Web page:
Monday, February 18, 2008 Femininity as mental illness

Last Updated: 12:01am GMT 17/02/2008

Melanie McGrath reviews Mad, Bad and Sad: A History of Women and the Mind Doctors from 1800 to the Present by Lisa Appignanesi

'She's mad, she is,' my 10-year-old neighbour recently announced of his 14-year-old sister, who was cheerfully carving her name on a streetlamp. 'You don't wanna talk to her, she's flipped.'

'Yeah,' said the girl, adding a swirly 'c' and a loveheart above the 'i' in her name, 'I'm, like, totally mental, me.' Her brother nodded sagely. 'She so bad, she the Princess of Crazy.'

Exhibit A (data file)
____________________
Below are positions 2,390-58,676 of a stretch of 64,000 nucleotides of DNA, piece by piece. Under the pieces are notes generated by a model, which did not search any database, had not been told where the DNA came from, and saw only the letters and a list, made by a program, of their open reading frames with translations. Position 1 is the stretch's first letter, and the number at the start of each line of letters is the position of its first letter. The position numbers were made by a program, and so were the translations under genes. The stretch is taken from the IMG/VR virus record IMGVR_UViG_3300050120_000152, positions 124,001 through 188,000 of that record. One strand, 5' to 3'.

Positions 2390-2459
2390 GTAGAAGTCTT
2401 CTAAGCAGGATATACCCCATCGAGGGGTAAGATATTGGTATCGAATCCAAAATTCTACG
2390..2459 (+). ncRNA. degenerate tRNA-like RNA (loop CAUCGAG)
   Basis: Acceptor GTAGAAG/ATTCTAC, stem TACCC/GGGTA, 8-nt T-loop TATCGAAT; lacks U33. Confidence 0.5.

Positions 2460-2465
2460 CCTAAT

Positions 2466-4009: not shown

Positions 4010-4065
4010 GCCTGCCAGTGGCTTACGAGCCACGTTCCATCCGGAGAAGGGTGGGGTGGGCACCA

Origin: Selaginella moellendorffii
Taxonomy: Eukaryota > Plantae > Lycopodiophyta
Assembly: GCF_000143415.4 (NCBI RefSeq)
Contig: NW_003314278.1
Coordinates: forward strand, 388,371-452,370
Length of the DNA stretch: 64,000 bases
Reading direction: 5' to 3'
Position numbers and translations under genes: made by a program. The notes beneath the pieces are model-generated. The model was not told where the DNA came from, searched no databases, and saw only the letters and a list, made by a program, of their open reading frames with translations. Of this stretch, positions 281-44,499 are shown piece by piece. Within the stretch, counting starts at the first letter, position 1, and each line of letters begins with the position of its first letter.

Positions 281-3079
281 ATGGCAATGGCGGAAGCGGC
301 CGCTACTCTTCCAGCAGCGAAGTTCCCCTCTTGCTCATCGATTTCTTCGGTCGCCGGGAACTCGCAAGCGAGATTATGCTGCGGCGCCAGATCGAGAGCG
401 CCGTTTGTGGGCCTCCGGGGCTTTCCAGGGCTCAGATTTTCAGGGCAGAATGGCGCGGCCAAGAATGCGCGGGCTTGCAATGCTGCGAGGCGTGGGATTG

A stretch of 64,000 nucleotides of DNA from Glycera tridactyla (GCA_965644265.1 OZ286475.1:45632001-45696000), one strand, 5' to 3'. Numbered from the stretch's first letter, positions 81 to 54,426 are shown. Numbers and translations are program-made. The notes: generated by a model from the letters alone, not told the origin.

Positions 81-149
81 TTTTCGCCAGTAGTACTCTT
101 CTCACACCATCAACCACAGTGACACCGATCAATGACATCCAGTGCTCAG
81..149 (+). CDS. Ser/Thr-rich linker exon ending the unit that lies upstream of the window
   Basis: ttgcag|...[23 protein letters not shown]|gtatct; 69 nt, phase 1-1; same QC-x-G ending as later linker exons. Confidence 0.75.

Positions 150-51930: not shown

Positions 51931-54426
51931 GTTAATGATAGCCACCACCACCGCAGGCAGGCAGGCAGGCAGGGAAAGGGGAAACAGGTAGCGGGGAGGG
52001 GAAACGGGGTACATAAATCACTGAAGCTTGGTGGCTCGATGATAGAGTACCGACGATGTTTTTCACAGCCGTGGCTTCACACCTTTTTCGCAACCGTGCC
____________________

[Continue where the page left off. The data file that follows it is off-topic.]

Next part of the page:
It's an odd sort of world, isn't it, where being mad, as in flipped, as in the Princess of Crazy, can admiringly describe a sibling engaged in the routine defacement of street furniture, whereas being really mad, as in psychotic, say, is a description even most scrofulous Xbox-zombie would be leery of visiting upon his teenage sister.

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